My Immortal

Years ago I read a book called THE DEFIANT by Mary Canon. For me the novel was memorable not because it was some great literary work, for it wasn’t really. It was simply a compelling read about the Irish battle for freedom under Queen Elizabeth I.  The book has remained on my “keeper” shelf for years because the hero, Rory O’Donnell, stayed in my head long after I read the last page.

Something about that character haunts me.

Perhaps it’s the way he arcs throughout the story from brash youth, to courageous Irish rebel, to weary refugee.  Or the way he sacrifices his personal desires and the love of his life for a cause bigger and more noble than his own happiness.  

But what really intrigues me is that the character was based on a real person – Rory O’Donnell, the last king of Tyrconnell.

After I read THE DEFIANT, I felt compelled to do some research. This particular period of Irish history really fascinates me; maybe because in some ways it parallels Cherokee history.  I learned that Rory was one of nine children. Born in Ireland in 1575, he became king after his father abdicated in favor of Rory’s older brother, Hugh who died in 1602. Along with Hugh O’Neil, Rory fought the English crown to maintain Irish sovereignty. Sadly, he and O’Neil lost that war. Their loss set the stage for years of bloody struggle that lasted up until a few years ago.  

In 1607, Rory O’ Donnell, Hugh O’Neil and about 90 followers fled Ireland when Rory and Hugh discovered they were about to be arrested. Their escape became known in Irish history as the Flight of the Earls. Tragically, Rory never saw his beloved Ireland again. He died while in exile in Rome in 1608. Silly, but when I read that fact over twenty years ago, I grieved as though he was a family member. To this day, on St. Patrick’s Day I say a prayer for Rory’s soul. Wierd, I know.

So? you wonder.  What does this have to do with writing? I write paranormal fiction and romance. On another blog I post spooky stories. My fans write often that my tales keep them up at night. And that’s a wonderful compliment, one I truly treasure. After all, that is my goal, to scare my readers.  But the thing I want the most is to create a character that will haunt my readers long after they’ve set the book aside, someone like my immortal, Rory O’Donnell.

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12 thoughts on “My Immortal

  1. Oh, yeah. Creating a character that your readers will remember for years is (or should be) every authors goal. Mary Canon should be very proud of that book. Is she still alive? It’d be great to contact her and let her know how her writing affected you.

    Btw, I LOVE your Scary Monday’s blog. You’re a great storyteller!!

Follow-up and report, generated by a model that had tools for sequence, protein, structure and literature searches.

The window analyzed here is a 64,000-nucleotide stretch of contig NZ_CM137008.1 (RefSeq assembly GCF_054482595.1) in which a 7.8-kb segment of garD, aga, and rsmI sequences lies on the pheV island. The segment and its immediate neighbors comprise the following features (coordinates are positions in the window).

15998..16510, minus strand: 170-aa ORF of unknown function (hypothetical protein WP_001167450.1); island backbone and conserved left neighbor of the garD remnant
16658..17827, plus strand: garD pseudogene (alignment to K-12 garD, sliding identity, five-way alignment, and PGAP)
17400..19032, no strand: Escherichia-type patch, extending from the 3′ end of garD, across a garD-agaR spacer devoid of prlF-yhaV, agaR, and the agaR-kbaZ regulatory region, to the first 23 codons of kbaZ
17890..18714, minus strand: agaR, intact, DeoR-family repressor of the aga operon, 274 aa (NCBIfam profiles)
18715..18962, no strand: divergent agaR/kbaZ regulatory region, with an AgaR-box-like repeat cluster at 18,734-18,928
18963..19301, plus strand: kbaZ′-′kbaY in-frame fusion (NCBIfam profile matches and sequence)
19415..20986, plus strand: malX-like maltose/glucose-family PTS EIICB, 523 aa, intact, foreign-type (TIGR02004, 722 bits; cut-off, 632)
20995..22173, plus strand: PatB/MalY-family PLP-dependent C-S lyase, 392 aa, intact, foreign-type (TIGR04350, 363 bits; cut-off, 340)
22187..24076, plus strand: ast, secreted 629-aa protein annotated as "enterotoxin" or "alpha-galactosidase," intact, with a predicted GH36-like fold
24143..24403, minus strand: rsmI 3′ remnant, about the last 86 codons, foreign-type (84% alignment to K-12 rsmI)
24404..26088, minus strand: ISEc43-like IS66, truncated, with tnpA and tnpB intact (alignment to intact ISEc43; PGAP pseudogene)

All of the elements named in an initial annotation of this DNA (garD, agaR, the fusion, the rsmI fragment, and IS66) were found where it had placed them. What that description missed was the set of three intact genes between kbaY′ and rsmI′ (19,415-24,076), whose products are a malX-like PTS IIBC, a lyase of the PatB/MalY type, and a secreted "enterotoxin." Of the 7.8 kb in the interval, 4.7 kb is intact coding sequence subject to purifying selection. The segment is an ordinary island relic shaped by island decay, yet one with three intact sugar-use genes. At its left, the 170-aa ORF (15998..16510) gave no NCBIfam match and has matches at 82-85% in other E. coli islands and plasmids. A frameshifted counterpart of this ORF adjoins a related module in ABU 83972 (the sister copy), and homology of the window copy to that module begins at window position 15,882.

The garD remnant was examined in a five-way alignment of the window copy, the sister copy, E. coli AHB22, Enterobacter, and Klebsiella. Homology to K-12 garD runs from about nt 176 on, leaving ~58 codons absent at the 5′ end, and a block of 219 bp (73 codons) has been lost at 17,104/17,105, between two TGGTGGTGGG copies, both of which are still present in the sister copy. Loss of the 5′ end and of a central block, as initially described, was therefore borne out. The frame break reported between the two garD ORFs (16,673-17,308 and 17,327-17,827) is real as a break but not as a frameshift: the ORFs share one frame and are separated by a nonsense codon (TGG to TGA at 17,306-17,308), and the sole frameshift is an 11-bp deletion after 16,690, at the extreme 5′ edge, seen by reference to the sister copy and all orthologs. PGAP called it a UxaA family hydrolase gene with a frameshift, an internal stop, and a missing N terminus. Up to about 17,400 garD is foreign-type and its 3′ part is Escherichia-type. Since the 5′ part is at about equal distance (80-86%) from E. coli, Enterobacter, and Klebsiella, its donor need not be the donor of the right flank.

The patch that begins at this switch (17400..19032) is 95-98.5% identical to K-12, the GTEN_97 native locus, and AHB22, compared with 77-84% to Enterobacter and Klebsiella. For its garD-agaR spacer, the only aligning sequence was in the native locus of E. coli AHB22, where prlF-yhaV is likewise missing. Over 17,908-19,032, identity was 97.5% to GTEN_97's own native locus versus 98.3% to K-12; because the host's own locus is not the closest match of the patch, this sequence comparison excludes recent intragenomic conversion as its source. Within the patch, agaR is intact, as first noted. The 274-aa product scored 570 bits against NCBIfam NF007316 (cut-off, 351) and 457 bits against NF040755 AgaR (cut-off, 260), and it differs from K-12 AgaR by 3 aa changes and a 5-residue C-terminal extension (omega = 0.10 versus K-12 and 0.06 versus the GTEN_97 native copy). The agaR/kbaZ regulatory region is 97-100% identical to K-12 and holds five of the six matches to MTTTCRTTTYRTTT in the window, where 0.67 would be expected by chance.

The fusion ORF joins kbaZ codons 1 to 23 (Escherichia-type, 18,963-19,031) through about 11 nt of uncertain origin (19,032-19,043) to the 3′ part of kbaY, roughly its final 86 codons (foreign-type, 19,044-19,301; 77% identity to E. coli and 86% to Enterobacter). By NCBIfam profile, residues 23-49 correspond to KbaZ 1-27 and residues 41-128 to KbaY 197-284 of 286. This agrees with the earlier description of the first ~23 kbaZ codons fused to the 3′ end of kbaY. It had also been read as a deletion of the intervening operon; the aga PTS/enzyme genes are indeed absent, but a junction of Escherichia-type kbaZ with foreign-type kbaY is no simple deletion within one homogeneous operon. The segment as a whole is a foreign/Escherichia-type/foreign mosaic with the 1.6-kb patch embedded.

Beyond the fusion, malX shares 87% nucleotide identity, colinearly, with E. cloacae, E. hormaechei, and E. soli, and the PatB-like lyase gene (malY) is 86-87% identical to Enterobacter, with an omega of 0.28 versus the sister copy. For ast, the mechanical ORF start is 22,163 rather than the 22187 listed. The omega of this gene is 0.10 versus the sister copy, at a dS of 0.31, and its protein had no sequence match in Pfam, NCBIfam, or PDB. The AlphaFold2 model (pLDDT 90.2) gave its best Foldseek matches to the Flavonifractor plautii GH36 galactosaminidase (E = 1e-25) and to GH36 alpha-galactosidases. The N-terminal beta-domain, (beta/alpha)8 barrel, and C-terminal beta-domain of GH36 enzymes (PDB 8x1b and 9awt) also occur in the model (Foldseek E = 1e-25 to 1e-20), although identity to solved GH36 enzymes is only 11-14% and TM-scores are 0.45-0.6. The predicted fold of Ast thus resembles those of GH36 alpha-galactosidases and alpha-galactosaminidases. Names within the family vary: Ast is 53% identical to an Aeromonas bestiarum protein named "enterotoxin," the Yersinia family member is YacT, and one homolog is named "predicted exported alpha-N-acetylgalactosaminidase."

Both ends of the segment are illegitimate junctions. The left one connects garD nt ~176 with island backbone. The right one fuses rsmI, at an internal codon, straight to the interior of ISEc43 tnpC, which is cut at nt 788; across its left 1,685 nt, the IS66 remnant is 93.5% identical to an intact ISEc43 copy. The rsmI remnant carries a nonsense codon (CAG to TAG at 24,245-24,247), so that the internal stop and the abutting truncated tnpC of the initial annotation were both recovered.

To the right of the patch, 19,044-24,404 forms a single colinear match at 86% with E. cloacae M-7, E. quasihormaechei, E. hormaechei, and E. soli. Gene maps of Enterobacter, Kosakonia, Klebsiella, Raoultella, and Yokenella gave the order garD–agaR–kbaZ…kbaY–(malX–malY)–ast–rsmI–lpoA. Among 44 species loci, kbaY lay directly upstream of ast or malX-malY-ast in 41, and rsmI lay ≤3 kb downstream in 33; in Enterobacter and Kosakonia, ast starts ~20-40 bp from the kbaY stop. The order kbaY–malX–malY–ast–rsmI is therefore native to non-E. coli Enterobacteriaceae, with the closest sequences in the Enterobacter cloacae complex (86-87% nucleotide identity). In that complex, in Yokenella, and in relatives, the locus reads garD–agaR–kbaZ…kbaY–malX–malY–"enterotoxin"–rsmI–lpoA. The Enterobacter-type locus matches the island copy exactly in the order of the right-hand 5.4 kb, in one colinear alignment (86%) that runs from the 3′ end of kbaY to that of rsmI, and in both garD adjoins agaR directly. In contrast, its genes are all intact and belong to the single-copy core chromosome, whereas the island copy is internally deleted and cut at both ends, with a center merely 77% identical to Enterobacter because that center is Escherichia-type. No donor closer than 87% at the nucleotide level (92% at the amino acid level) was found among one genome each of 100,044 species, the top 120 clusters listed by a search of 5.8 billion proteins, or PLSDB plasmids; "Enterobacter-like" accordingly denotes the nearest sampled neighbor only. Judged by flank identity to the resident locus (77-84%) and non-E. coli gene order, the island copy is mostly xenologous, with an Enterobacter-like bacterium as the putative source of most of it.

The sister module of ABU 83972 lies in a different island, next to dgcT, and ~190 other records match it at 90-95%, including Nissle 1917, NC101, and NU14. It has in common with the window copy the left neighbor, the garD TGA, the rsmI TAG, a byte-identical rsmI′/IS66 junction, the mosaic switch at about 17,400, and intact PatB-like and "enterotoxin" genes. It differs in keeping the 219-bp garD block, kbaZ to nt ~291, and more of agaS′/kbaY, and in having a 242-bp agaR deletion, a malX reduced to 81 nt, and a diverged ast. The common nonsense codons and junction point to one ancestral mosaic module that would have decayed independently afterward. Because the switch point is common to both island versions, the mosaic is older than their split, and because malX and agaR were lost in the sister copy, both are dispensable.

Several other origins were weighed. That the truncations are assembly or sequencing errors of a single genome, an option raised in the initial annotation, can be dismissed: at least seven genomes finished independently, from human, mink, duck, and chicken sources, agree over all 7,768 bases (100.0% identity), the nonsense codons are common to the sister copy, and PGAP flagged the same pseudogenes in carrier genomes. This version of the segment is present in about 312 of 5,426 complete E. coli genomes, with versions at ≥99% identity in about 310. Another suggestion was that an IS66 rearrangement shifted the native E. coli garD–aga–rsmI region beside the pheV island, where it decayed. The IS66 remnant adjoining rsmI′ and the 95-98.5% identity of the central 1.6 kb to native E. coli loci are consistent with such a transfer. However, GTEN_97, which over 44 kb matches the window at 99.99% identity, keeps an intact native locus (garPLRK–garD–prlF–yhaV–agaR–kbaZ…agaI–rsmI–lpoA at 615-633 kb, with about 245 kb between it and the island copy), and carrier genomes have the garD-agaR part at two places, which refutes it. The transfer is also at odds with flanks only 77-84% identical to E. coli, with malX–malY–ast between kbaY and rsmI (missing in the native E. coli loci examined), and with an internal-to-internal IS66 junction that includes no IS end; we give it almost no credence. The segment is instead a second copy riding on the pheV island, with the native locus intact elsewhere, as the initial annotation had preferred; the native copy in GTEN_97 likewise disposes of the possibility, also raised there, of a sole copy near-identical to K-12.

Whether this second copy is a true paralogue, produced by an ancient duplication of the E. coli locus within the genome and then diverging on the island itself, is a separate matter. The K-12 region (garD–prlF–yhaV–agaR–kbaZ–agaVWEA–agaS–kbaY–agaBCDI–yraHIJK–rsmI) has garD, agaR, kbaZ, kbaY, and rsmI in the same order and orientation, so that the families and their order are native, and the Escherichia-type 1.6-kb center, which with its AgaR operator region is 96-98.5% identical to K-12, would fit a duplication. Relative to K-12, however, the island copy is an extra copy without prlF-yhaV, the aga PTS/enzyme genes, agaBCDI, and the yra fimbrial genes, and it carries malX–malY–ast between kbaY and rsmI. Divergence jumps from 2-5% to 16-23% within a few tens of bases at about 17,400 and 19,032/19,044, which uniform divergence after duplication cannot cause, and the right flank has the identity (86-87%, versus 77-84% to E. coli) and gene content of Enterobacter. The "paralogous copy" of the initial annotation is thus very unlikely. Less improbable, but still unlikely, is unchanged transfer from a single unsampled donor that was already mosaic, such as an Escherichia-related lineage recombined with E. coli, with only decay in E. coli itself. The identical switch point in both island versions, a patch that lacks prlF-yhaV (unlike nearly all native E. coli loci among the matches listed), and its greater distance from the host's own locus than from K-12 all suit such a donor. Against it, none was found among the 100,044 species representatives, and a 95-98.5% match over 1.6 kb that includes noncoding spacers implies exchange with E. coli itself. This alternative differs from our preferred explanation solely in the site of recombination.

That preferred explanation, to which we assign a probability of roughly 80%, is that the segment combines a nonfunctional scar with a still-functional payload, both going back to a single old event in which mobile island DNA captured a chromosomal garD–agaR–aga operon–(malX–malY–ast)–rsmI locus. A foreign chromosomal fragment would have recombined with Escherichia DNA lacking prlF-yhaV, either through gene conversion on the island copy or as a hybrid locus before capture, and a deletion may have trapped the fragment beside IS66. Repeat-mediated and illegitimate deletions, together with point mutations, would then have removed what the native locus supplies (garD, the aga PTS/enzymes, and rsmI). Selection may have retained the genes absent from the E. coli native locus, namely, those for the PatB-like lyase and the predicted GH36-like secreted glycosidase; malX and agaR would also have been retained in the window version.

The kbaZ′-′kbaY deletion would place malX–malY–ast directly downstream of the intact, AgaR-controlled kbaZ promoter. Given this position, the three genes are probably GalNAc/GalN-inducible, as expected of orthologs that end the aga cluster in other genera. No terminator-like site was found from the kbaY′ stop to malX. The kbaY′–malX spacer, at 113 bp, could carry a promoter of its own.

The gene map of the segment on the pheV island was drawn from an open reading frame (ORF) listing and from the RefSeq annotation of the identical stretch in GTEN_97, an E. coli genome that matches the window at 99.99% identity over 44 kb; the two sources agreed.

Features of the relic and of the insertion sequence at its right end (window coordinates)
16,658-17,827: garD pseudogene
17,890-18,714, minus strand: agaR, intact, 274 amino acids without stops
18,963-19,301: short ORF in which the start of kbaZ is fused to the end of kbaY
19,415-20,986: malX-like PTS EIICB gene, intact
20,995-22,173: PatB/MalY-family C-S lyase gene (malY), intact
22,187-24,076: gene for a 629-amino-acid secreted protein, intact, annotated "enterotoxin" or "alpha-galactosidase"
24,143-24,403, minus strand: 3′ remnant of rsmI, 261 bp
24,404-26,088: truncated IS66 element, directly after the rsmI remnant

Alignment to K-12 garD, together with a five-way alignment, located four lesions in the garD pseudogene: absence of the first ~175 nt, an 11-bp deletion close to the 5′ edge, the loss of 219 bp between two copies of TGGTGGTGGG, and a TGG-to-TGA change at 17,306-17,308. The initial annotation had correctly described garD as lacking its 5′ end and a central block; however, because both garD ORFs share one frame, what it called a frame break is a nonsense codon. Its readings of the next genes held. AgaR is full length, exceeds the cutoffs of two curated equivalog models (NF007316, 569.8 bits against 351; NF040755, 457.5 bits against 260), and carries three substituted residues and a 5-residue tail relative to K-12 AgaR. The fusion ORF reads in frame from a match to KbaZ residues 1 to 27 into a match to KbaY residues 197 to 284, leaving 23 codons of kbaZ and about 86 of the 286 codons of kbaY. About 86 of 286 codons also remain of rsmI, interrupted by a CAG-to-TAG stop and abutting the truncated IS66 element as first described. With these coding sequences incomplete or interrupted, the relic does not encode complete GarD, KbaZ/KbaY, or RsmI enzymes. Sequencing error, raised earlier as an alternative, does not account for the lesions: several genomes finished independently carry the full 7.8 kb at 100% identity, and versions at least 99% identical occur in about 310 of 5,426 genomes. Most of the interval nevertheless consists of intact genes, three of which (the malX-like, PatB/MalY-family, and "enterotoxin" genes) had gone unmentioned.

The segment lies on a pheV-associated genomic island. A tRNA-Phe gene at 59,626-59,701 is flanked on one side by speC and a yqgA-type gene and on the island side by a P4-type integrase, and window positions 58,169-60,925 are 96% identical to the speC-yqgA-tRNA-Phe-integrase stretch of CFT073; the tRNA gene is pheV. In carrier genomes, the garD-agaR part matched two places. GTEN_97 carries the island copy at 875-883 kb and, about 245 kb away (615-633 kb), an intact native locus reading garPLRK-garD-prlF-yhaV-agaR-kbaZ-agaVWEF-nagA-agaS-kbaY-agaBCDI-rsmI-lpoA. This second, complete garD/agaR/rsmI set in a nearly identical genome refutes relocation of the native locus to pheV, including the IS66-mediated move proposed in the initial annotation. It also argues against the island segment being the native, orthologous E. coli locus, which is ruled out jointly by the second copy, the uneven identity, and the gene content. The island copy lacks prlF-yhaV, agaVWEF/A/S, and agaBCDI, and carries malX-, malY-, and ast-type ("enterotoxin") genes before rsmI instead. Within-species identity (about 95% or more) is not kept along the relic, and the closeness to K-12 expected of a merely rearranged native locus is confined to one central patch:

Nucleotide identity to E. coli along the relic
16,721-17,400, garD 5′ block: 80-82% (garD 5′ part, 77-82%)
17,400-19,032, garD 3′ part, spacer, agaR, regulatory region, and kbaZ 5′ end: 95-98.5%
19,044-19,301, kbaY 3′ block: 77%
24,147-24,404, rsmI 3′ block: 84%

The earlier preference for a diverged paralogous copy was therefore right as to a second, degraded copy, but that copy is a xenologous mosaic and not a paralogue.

2. The more I write, the smaller my world becomes. When I started in critique, I wanted nothing more than total world domination with my words. These days all I want is to make my CP’s proud or touch their emotions with the characters I’ve created.

    I’m happy with the audience I have. If it grows, it’s all good. If it remains the same, I’m still good. The CP’s teach me tons and I am really happy just to have someone listen to the crazy crap I dream up.

    • Hey RD,

      As one of your CP’s let me just say that we are so very proud of you! You have a unique voice and real gift. I know your audience will grow. I love to read the so called “crazy crap” you dream up. But it’s not crap, sister!

  3. Lynn,

    I love this post. It made me walk past my ‘keeper’ shelf and just touch the bindings of the novels with characters who haunt me. When I think of a character like Rory, I am probably going to point at Honor Harrington or Prince Roger from David Weber’s series. These characters come so far, through so many obstacles. They are so challenged and as they rise to the challenges, they grow and learn and blossom.

    What you said about Rory being based on a real character really resonates. I live in the real world, where there are real heroes and so often, I’m in a fictional world in my head. If we look around us, there are tons of great stories to be told. spw

    • Sandee,

      Thanks. Yeah, I think it’s too easy to overlook real everyday heroes in our lives. When we open our eyes to them, like you said, they can spawn wonderful stories. I love fictional characters who are challanged and lift themselves up to meet that challenge. But I so admire real people who overcome the obstacles and hardships in life, the ones who take a stand, or fight a good fight,because its the right thing to do. Or the ones who overcome their personal demons to morph into a better human being.

    • Marilyn:

      To this day I still cry when I read the second book in the series, THE SURVIVORS, when Rory dies.

      BTW, do you know what happened to Mary Canon? There was supposed to be another book in the series, a fourth called THE EXILED. But I have never been able to find it.

  4. Lynn, how lucky you are to have been touched by a character like that. It’s a testament to the power of the words we play with, isn’t it?

    • Marilyn,

      Oh yeah. I so love when characters resonate like Rory did. I feel like I expand my circle of family and friends each time. I know that sounds a little weird, but, it is an example of the impact a writer can make, crafting characters that just haunt the mind.

      And how I envy you because you’ve created some new family and friends for me through your writing. I’ve been meainng to talk to you about Anamaria. You know someone with a “gift” like hers is right up my alley.

      • I loved Anamaria! I think she was one of the easiest characters/books I’ve written in a long time. She just came to me with everything I needed to do that story. She was a gift!

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